Log in

Iron Man (DVD Review)

21 Sep, 2008 By: John Latchem

Iron Man

Street 9/30/08
Box Office $318 million
$29.99 DVD, $39.99 two-DVD set, $39.99 Blu-ray
Rated ‘PG-13’ for some intense sequences of sci-fi action and violence and brief suggestive content.
Stars Robert Downey Jr., Jeff Bridges, Terrence Howard, Gwyneth Paltrow.

What turned out to be a pretty good year for superheroes kicked off back in May with this witty, fun and topical take on one of Marvel Comics’ lesser known core characters. Iron Man is the first movie financed by Marvel Studios, and with all due respect to Spider-Man, it’s the best film based on a Marvel character.

Robert Downey Jr. turns in a brilliantly effortless performance as Tony Stark, a billionaire weapons merchant who experiences a literal change of heart when he is captured by terrorists. Guilt-ridden over his contributions to war, and forced to wear an electromagnet in his chest to stay alive, he builds a weapons-laden suit of armor to combat evil, pitting him against his business partner (Jeff Bridges) and setting the stage for some flawless special effects sequences.

In terms of extras, the DVD presentation is nearly perfect, lacking only a commentary. Just as the box art for the two-disc set reflects the duality of Tony Stark, the content is neatly divided between the discs into that which reflects the world of the film, and that which delves behind the scenes.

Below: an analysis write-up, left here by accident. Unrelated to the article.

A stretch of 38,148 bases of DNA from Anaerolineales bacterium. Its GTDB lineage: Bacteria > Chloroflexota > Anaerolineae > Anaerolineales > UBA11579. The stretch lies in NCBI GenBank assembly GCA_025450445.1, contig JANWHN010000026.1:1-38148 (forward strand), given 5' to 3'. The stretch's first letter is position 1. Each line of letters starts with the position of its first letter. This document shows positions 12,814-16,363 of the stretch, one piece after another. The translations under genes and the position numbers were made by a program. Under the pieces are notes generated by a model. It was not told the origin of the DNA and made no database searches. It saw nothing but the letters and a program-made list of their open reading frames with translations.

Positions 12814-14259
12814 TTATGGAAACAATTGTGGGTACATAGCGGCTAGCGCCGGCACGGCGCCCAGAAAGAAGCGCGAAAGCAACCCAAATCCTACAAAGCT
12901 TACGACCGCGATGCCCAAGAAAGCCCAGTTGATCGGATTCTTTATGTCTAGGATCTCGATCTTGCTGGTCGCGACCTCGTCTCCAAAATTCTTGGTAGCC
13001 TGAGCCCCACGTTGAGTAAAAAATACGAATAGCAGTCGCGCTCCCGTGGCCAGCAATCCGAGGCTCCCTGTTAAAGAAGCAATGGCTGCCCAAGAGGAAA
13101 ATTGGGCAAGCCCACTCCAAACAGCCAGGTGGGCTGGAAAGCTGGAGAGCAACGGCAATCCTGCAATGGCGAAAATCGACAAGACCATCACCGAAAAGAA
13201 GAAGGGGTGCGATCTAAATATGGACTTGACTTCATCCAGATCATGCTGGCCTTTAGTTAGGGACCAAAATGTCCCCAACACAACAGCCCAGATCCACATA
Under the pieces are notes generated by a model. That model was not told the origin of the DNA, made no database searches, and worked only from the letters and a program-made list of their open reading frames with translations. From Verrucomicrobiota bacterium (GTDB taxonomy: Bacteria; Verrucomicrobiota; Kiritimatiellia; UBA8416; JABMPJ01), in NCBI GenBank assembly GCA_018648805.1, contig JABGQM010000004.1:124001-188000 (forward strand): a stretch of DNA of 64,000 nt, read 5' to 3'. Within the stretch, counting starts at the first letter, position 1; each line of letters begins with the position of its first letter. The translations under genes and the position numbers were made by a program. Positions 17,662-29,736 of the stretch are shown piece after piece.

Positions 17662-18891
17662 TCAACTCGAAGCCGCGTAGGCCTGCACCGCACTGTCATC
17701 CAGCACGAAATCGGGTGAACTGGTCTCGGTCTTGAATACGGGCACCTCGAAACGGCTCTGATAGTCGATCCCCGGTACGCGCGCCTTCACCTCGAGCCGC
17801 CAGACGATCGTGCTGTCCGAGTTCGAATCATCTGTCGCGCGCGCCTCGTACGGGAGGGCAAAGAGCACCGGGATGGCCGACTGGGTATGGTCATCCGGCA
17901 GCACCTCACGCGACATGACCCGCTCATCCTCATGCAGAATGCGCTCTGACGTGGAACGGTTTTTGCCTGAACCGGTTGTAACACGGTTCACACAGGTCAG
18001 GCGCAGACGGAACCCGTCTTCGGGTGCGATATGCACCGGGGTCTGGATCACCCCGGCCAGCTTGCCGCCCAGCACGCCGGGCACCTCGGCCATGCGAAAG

The centerpiece of the second disc is the seven-part feature-length documentary I Am Iron Man, which chronicles all the aspects of making the film, up to the premiere. It’s somewhat amusing to see director Jon Favreau fret about the potential success or failure of the film, considering its subsequent and quite enormous box office take.

This idea of the movie’s potential is explored to humorous effect in a short video clip from The Onion, which pokes fun at fan obsession with trailers by reporting Paramount’s plans to adapt the Iron Man trailer into a feature film.

Disc two also offers a featurette that focuses on the special effects, and a documentary about the history of the character. Downey’s audition and some rehearsal footage is thrown in for good measure. Hardcore fans will consume these extras rabidly, leaving the single-disc version to the casual fan.

Accompanying the film on the first disc are some deleted scenes that shouldn’t be classified as anything special, but will appeal to fans looking for more material that takes place in the world of Tony Stark.

The Blu-ray version adds to these extras an interactive guide to the armor suits depicted in the film, and a BD Live trivia game for fans.

Add Comment